the attorneys general of Colorado and Washington state. He knew nothing about butterflies. But he knew the law. And under the law a Queen Alexandra is as protected as a rare snow leopard.


"I can show you how to make money on butterflies."

It was the first day of the insect fair, and Kojima had been easy to spot. In the cavernous exhibition hall, where thousands of collectors swarmed among booths filled with everything from gold scarab beetles to red-backed spiders, Kojima ran the busiest stall.

"He's no Indiana Jones," Newcomer thought, sizing up the stocky 53-year-old with the pudgy face, narrow eyes and bushy black eyebrows. Kojima's English was poor, his manner nervous and excitable.

But his butterflies were the finest at the fair.

Newcomer is trim and athletic, with sandy hair and hazel eyes and an easygoing manner. He had left behind his gun, his badge and his wedding band. He had assumed a false name. And he had honed his story: how, bored by the marine business he had inherited from his father, he was looking for a hobby that could also become an investment.

The informant played his part, luring Kojima into conversation about a species of beetle from Bolivia that Kojima had on display.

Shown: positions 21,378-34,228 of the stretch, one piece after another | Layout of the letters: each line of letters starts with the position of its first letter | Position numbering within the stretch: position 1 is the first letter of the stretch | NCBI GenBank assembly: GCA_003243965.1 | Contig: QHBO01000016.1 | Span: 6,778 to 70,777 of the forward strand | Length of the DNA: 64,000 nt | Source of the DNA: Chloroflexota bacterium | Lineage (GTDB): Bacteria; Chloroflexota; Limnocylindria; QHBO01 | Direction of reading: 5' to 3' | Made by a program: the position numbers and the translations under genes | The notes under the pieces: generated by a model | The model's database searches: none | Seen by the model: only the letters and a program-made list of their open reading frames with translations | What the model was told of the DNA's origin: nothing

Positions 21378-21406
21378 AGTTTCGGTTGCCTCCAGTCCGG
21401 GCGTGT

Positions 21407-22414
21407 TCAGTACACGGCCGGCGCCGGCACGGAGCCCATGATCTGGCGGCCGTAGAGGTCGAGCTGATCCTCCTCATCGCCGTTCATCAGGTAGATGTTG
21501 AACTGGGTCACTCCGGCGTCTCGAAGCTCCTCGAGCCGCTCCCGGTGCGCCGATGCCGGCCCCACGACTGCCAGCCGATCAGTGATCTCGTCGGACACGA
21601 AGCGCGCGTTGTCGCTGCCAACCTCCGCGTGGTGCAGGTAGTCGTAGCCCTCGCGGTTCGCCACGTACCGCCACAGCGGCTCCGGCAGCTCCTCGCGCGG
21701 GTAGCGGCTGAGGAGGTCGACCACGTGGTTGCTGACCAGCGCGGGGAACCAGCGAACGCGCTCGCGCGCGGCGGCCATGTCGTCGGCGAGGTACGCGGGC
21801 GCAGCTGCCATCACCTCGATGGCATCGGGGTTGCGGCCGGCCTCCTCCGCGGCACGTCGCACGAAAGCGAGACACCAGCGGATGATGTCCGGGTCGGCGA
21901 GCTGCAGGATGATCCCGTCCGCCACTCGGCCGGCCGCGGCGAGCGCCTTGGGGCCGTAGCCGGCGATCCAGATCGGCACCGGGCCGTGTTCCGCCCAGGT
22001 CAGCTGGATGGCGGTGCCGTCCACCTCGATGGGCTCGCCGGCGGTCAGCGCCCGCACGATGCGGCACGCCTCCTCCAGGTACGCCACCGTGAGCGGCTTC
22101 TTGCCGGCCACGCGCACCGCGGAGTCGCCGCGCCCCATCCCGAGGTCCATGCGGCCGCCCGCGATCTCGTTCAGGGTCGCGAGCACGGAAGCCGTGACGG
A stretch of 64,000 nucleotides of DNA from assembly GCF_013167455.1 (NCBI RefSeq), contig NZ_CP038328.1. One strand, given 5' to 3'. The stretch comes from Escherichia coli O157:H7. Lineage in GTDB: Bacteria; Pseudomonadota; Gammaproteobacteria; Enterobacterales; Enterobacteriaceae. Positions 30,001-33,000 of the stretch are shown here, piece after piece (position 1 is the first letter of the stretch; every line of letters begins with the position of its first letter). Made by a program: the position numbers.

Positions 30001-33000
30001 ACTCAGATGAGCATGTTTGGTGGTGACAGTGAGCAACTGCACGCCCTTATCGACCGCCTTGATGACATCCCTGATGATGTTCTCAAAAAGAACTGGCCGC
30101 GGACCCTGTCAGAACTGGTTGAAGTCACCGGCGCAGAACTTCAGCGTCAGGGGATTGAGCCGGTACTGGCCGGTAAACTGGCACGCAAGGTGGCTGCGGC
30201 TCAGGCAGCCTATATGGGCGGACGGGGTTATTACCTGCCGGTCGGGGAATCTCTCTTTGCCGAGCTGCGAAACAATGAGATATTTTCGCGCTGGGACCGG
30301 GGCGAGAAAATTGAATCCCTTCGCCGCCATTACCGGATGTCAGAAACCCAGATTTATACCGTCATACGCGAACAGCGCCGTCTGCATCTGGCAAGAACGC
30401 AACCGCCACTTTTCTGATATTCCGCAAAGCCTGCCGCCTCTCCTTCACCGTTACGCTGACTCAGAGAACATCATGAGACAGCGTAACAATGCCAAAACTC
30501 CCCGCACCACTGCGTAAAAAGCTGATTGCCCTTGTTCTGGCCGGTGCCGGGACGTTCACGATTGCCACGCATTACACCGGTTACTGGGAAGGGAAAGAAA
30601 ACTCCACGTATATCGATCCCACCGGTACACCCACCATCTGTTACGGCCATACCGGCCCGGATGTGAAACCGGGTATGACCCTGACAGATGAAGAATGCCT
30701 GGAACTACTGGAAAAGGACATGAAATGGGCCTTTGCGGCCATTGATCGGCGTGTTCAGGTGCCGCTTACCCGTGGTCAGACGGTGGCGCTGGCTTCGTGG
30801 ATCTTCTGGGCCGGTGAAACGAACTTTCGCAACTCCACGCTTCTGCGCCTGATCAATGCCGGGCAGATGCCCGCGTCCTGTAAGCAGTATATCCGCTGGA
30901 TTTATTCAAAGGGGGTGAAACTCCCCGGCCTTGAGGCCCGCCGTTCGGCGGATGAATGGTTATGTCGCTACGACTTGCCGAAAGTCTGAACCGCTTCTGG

Newcomer wondered what the beetle looked like alive.

Kojima's eyes darted around the hall. He motioned Newcomer to the back of his booth.

From a small cage, he pulled out an enormous horned live beetle.

"Wow," Newcomer exclaimed. "How much?"

$10,000 alive.

Is that legal? Newcomer asked.

Kojima shrugged. "It is illegal ... but 99.99 percent it is safe. Sometimes we pay under the table."

At the end of the day Kojima handed Newcomer a cardboard box. Inside, were 23 dead butterflies. They were not rare, he said. But they would be enough to start Newcomer's collection.

Newcomer thanked Kojima profusely. Then he drove to his office, photographed the butterflies and marked the box - Evidence Seizure Tag #608372.